Eccl. 8:15. “Then I commended mirth, because a man hath no better thing under the sun, than to eat, and to drink, and to be merry: for that shall abide with him of his labour the days of his life, which God giveth him under the sun.”

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Is Solomon recommending that we forget about work and just spend our lives in partying? Would that be consistent with the rest of his teachings?

Remember that Solomon has an “under the sun” perspective here. He sees that life is full of work; of not being satisfied; of feeling a lack of purpose. All he can recommend at this point is that we enjoy what we can, because life is short.

He is not suggesting a hedonistic lifestyle. Rather, he is saying that when we sit down to a meal, we should enjoy it. We should take pleasure where we can find it.

Here is a good example from my childhood. We had lived in southern Minnesota when I was very young, and had made friends with a wonderful family that I really believed were my grandparents, aunts, uncles, and cousins. They were hardworking farmers, and the wives and children knew how to pitch in and carry the load. It wasn’t always pleasant, in those extremely cold prairie winters, to get up early to take care of the chores before heading off to school, but it was a normal part of life for them.

It was also a normal part of their lives to relax, enjoy wonderful food and laugh out loud when stories were told around the dining room table. Going there for Thanksgiving and Christmas was an exciting treat. We ate, we drank (no alcohol necessary) and we laughed. It was a time away from the workaday life, a time of enjoyment, mirth, and pleasure that everyone loved, because the next day things would go back to normal.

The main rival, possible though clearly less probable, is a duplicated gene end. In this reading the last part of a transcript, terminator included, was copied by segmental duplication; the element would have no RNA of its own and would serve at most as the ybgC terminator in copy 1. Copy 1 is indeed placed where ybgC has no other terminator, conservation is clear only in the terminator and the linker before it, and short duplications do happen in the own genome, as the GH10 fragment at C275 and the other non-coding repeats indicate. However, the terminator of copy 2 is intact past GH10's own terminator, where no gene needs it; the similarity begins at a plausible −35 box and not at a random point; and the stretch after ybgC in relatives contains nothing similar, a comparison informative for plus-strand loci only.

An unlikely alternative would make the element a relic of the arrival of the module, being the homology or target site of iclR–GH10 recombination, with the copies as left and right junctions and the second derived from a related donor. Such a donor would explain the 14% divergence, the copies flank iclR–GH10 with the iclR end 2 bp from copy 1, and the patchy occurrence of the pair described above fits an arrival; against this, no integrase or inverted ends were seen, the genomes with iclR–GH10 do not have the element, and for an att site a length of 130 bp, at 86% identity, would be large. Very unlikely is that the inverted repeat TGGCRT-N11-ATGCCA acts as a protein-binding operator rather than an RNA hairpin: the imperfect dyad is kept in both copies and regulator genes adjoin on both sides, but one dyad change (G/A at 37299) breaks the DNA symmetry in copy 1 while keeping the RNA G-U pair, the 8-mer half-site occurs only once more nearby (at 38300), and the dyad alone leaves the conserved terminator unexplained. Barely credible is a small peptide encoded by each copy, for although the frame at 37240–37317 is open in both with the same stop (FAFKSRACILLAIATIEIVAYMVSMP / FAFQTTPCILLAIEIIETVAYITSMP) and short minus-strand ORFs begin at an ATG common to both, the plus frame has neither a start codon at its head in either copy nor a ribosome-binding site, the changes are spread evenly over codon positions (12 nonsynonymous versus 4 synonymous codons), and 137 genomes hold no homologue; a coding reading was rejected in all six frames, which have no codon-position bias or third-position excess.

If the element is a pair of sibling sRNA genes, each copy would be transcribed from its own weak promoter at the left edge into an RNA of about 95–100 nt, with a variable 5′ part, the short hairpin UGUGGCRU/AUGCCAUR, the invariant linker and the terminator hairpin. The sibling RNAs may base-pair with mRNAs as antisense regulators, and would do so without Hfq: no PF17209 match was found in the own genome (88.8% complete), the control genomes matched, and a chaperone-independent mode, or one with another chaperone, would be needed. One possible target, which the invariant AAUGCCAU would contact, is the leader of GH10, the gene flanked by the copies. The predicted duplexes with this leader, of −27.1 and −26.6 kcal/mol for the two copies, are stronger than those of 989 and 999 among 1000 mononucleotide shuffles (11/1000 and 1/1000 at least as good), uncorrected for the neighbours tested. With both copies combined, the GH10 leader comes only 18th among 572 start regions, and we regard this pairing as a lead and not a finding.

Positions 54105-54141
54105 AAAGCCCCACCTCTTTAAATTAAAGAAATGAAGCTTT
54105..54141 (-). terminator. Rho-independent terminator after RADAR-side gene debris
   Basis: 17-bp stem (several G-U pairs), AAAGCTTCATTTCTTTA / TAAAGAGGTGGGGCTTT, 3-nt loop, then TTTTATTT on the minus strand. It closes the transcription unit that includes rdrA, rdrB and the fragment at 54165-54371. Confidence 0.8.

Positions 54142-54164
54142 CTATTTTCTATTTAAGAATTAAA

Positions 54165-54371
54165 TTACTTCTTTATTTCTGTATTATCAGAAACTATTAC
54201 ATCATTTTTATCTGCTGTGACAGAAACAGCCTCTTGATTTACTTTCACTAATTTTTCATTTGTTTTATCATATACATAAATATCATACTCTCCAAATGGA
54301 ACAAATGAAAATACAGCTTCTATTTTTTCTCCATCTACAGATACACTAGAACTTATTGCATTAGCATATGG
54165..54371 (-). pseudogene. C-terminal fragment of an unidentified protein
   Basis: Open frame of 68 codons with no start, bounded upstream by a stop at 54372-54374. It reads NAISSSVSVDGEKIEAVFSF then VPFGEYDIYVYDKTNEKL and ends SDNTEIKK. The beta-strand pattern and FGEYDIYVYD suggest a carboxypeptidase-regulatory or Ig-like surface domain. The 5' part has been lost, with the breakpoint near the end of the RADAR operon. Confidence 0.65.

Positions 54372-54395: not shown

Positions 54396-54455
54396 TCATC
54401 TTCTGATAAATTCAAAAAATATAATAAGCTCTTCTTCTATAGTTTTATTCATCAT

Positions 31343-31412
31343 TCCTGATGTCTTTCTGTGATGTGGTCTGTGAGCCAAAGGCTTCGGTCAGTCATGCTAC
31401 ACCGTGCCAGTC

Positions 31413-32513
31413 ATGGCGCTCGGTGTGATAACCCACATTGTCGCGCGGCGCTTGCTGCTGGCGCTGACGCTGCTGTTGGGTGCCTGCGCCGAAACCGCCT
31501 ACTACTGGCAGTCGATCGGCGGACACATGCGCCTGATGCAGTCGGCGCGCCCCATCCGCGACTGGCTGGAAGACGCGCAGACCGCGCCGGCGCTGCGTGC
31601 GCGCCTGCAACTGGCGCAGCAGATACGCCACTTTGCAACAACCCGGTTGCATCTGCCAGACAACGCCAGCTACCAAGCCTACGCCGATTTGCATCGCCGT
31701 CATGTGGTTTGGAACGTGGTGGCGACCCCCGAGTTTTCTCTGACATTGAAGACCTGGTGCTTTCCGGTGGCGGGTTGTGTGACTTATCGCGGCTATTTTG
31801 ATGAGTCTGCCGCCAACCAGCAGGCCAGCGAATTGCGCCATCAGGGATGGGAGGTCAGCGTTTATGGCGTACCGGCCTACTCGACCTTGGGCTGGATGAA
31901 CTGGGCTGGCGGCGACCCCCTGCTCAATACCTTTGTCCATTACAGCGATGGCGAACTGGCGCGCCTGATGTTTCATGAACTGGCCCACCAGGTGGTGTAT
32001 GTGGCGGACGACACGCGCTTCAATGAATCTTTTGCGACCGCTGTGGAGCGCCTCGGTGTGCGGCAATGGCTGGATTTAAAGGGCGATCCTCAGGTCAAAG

Those are still some of my most-treasured memories.

No Escape

Eccl. 8:14. “There is a vanity which is done upon the earth; that there be just¬†men, unto whom it happeneth according to the work of the wicked; again, there be wicked¬†men, to whom it happeneth according to the work of the righteous: I said that this also¬†is¬†vanity.”

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( A note before I begin: I am already falling into a pattern, since my retirement nearly two weeks ago, in which I don’t HAVE to get up early, so I don’t. And of course that puts me all off my normal routine, which includes getting my Bible study blog post up early in the day. It is now 1:39 p.m., and I’m just starting to write. I need to do better. I can see there are some adjustments I need to make, and some serious praying I need to do, about maintaining a more sensible schedule. Last week, I deliberately chose to loosen up on my routine. This week, I’m just being lazy, and it has to stop.)